A still further object of this invention is to provide a self-righting sipper cup, as aforesaid, having an aesthetically pleasing configuration.

Other objects and advantages of this invention will become apparent from the following description taken in connection with the accompanying drawings, wherein is set forth by way of illustration and example, embodiments of this invention.

BRIEF DESCRIPTION OF THE DRAWINGS

FIG. 1 is a perspective view of a self-righting sipper cup according to one embodiment of the present invention;

FIG. 2 a is a top view of the self-righting sipper cup as in FIG. 1;

FIG. 2 b is sectional view taken along line 2 b2 b of FIG. 2 a;

FIG. 3 a is a top view of a self-righting sipper cup according to another embodiment of the present invention;

FIG. 3 b is a sectional view taken along line 3 b3 b of FIG. 3 a;

FIG. 3 c is an isolated sectional view on an enlarged scale of a float, float seal, and inner wall as in FIG. 3 b; and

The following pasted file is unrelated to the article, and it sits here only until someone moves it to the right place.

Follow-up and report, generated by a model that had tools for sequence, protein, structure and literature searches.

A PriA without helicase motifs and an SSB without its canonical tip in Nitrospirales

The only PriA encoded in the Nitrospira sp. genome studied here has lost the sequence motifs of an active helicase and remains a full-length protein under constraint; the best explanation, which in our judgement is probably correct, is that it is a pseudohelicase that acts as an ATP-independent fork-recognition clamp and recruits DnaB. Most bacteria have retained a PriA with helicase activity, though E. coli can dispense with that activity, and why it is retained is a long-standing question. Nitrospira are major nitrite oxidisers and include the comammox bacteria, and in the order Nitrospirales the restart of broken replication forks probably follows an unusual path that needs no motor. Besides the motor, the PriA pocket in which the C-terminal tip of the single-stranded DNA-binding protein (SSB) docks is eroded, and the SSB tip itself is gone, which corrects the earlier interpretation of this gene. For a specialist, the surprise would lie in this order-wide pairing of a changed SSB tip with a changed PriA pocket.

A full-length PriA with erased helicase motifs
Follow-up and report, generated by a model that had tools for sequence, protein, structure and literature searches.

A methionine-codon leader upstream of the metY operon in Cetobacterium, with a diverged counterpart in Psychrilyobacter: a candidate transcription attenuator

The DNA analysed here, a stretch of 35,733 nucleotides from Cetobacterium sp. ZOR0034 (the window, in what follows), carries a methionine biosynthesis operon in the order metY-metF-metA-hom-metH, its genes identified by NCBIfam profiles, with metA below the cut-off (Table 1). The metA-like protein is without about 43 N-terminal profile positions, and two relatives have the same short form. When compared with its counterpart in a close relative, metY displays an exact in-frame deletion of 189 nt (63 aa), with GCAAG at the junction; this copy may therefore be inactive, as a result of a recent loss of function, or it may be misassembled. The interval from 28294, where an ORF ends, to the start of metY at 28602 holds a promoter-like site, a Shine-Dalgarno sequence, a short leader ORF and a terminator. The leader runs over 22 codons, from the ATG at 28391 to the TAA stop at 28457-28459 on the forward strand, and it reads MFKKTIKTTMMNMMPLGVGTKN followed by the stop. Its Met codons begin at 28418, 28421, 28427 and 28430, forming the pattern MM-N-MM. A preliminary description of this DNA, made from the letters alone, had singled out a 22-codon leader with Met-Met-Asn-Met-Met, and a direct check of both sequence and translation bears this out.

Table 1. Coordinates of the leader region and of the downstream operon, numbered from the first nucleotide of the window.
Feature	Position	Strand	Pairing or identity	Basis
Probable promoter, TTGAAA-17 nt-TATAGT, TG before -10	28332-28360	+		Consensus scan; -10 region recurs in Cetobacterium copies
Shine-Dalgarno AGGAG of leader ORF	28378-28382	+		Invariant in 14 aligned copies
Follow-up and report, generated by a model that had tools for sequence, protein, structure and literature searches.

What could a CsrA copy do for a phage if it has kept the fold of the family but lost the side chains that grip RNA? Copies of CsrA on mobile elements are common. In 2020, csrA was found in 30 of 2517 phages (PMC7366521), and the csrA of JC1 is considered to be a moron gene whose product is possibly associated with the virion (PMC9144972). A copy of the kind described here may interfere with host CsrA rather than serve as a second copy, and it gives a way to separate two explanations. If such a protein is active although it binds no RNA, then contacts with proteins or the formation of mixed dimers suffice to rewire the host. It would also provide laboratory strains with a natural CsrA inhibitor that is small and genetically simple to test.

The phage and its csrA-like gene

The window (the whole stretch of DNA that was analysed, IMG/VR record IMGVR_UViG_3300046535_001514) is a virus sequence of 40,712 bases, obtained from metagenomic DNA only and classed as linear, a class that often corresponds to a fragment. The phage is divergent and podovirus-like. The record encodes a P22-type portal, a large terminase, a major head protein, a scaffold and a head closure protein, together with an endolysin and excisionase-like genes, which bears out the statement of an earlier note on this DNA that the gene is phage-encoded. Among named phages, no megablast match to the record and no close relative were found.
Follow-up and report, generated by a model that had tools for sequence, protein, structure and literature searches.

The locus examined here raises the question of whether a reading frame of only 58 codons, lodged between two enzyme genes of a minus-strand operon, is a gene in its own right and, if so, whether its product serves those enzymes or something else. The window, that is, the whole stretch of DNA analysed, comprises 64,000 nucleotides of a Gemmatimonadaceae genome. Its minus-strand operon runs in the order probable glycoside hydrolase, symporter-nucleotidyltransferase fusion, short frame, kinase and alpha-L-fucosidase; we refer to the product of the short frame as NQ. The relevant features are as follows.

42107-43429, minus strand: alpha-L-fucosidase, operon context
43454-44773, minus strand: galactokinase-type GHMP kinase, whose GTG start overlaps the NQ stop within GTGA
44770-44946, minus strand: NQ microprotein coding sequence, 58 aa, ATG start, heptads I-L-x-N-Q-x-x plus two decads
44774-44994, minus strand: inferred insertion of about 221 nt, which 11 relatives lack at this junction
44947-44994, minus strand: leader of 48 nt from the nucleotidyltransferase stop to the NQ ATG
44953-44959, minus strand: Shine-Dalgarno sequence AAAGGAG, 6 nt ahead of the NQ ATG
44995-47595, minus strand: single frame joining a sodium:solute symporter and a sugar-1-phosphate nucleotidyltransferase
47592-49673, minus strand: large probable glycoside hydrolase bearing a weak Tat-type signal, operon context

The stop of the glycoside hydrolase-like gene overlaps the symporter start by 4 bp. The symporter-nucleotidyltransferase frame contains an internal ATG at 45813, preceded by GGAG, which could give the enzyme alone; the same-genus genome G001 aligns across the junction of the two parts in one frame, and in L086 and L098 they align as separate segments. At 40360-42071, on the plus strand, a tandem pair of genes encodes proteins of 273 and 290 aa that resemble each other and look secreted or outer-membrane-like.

FIG. 4 is an exploded view of the self-righting sipper cup as in FIG. 3 a.

DESCRIPTION OF THE PREFERRED EMBODIMENT

A self-righting sipper cup according to the present invention will now be described in detail with reference to FIGS. 1 through 4 of the accompanying drawings. More particularly, a self-righting sipper cup 100 according to one embodiment includes an outer cup member 110, an inner cup member 120, a channel 130, a drinking slot 132, a drinking spout 134, a valve 136, a removable lid 150, handles 160, and a ballast 111.

The outer cup member 110 has a continuous outer wall (outer wall) 114 situated atop a rounded base portion 112. The outer wall 114 defines an open top 115 and an interior space 116. The rounded base portion 112 and the open top 115 have a common vertical axis A1 (FIG. 3 b). The rounded base portion 112 presents a diameter that is greater than a diameter of the open top 115. The outer cup member 110 has a truncated pear-shaped configuration. The ballast 111 is positioned in the rounded base portion 112. By using a rounded base portion 112 that extends wider than the open top 115 and includes a ballast 111, the center of gravity of the self-righting sipper cup 100 is low and the self-righting sipper cup 100 is biased to an upright state even if tipped.